Clinton C. Brown:

In surveying?

Richard Hartman:

Well, I had a -- no, I, I had a real choice to make. Finally I knew, you know, I was faced with what I'm going to do. And I didn't know whether to go to Hopkins and study engineering or to go to Loyola and major in English, because I thought I had some idea of writing, I wanted to do something in the English field. And English won out. So I went to Loyola, and I majored in English, and I, my first job when I graduated from Loyola was down at the Gunther Brewing Company in the advertising department. And I only stayed there three months when I got an offer to go to the automobile club, a former classmate of mine, a fella about a year ahead of me at Loyola, and where I had written, you know, different, on the magazine and the newspaper and stuff like that, he had gone to the automobile club and was editor of their newspaper and magazine, either member magazine. And he called me up and said he was going in the priesthood and would I like to come up and take his job at the automobile club, he would put in a good word for me, he knew that I wanted to get into something like that. So I did. I went up there, applied before they even advertised the job, got the job, and stayed there 39 years. And I actually did write, you know.

Clinton C. Brown:

Good.

Richard Hartman:

As editor of the magazine for a while until I became president.

Clinton C. Brown:

Are you going to write about your war experiences?

Richard Hartman:

I did. I did. I wrote an article back in 1946 or 7, the 106th Division had a Division Association and published a magazine. And I wrote, this article was published in that magazine back in the late 40's, while it was still fresh in my mind. And I read that over last night. And I will say it's amazing, you know, basically what I remembered was correct, but, you know, when I read that last night I could see where, you know, over the years my mind had just given it a little different twist and so on.

Clinton C. Brown:

Now, this distance looking back on your total Army experience, can you summarize what it meant to you?

Richard Hartman:

Well, I guess it made a man of me. I had never been away from home. I had, I say when I went to Glenn Martin I did become a, you know, the chief time keeper. I was able to apply myself and, you know, move up in the organization. But I never really had been on my own, if you call being in the Army on your own. You're pretty well cared for until you get out in the battle field, and then you're really on your own. Yeah, I think it widened my horizons. It certainly gave me something to shoot for. I say, I had never been exposed to surveying or engineering, and I seriously considered that as a career. But I opted for the other, and the other certainly paid off. Although I will say that I've never done anything that eventually didn't pay off. I mean, for instance, the surveying, and I began taking correspondence courses while I was, you know, in the Army, and trigonometry and geometry and so on, whatever. So I went, I majored in English and I went to the automobile club, Director of Public Relations, and I'm writing a magazine. But my next career step down there was as the manager in the various departments, including the travel department. And AAA is the largest producer of maps in the country. And the next thing I know I'm producing a new map of Baltimore, so I, you know, I was, it all tied in.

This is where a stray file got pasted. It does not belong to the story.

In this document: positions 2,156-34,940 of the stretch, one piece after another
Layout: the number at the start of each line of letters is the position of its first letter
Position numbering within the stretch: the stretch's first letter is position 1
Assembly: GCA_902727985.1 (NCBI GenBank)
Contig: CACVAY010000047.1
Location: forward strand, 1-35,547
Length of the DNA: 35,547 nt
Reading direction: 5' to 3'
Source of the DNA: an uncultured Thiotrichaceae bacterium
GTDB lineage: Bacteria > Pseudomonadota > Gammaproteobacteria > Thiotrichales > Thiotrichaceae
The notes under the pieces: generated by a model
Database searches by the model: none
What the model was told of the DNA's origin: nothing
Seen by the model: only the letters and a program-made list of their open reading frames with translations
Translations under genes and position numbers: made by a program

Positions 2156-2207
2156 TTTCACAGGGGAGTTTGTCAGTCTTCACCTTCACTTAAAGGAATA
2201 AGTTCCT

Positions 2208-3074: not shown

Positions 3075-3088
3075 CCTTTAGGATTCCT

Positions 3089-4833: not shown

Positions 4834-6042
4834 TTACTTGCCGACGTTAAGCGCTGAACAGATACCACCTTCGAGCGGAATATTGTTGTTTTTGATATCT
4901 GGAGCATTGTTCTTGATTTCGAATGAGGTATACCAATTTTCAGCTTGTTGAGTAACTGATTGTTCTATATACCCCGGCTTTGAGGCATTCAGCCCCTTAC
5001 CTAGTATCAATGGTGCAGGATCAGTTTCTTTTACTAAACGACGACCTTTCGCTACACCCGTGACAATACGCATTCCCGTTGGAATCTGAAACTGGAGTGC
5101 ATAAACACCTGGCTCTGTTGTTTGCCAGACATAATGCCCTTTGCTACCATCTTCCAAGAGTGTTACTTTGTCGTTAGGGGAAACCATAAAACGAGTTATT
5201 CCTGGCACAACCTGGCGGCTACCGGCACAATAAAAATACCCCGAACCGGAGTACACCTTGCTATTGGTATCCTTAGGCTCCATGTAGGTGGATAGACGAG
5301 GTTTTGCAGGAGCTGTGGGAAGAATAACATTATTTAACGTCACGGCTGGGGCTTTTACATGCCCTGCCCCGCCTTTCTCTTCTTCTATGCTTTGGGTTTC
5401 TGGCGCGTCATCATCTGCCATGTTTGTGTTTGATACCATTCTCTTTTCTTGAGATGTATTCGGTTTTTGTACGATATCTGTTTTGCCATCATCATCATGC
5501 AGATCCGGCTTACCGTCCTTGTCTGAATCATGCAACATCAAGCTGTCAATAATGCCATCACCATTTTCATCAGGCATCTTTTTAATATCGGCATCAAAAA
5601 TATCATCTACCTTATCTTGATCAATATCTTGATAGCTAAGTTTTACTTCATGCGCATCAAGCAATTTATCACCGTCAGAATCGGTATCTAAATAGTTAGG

Clinton C. Brown:

All learning is good.

Richard Hartman:

Yeah, sure.

Clinton C. Brown:

Great.

Richard Hartman:

And I -- one last little thought. I didn't know this until after I went with the automobile club and I became interested in family history, and I began digging in and I found out that a relative of mine, by the name of Bolden, laid out the City of Baltimore.

Clinton C. Brown:

Oh, my.

Richard Hartman:

There is a, they were surveyors from 1790 until the early 1900's.

Clinton C. Brown:

Good heavens.

Richard Hartman:

And I, you know, you get the idea that, you know, okay, I'm at the automobile club and, or even going back, you know, I'm at Glenn Martin's and I go into the Army. And you get the idea that somebody up there is saying, hey, what's with that Hartman kid, he's in accounting, get him over to surveying, you know. And all of a sudden I'm a surveyor in the Army. And I get off course, and I go to the automobile club, and all of a sudden I'm back producing maps. It's strange.

Clinton C. Brown:

I would not laugh at that at all. Do you believe in predestination in some extent in your life?

Richard Hartman:

Well, not really, but --

Clinton C. Brown:

It seems to have been that way.

Richard Hartman:

-- you wonder. You wonder, yeah.

Clinton C. Brown:

It seems to have been that way. Carolyn?

Unidentified Speaker:

(Inaudible..)

Clinton C. Brown:

Time?

Unidentified Speaker:

(Inaudible..)

Clinton C. Brown:

Any final statements?

Richard Hartman:

It's been a pleasure.

Clinton C. Brown:

It's been a pleasure for us. Thanks very much, Dick. That was...

[End of Interview]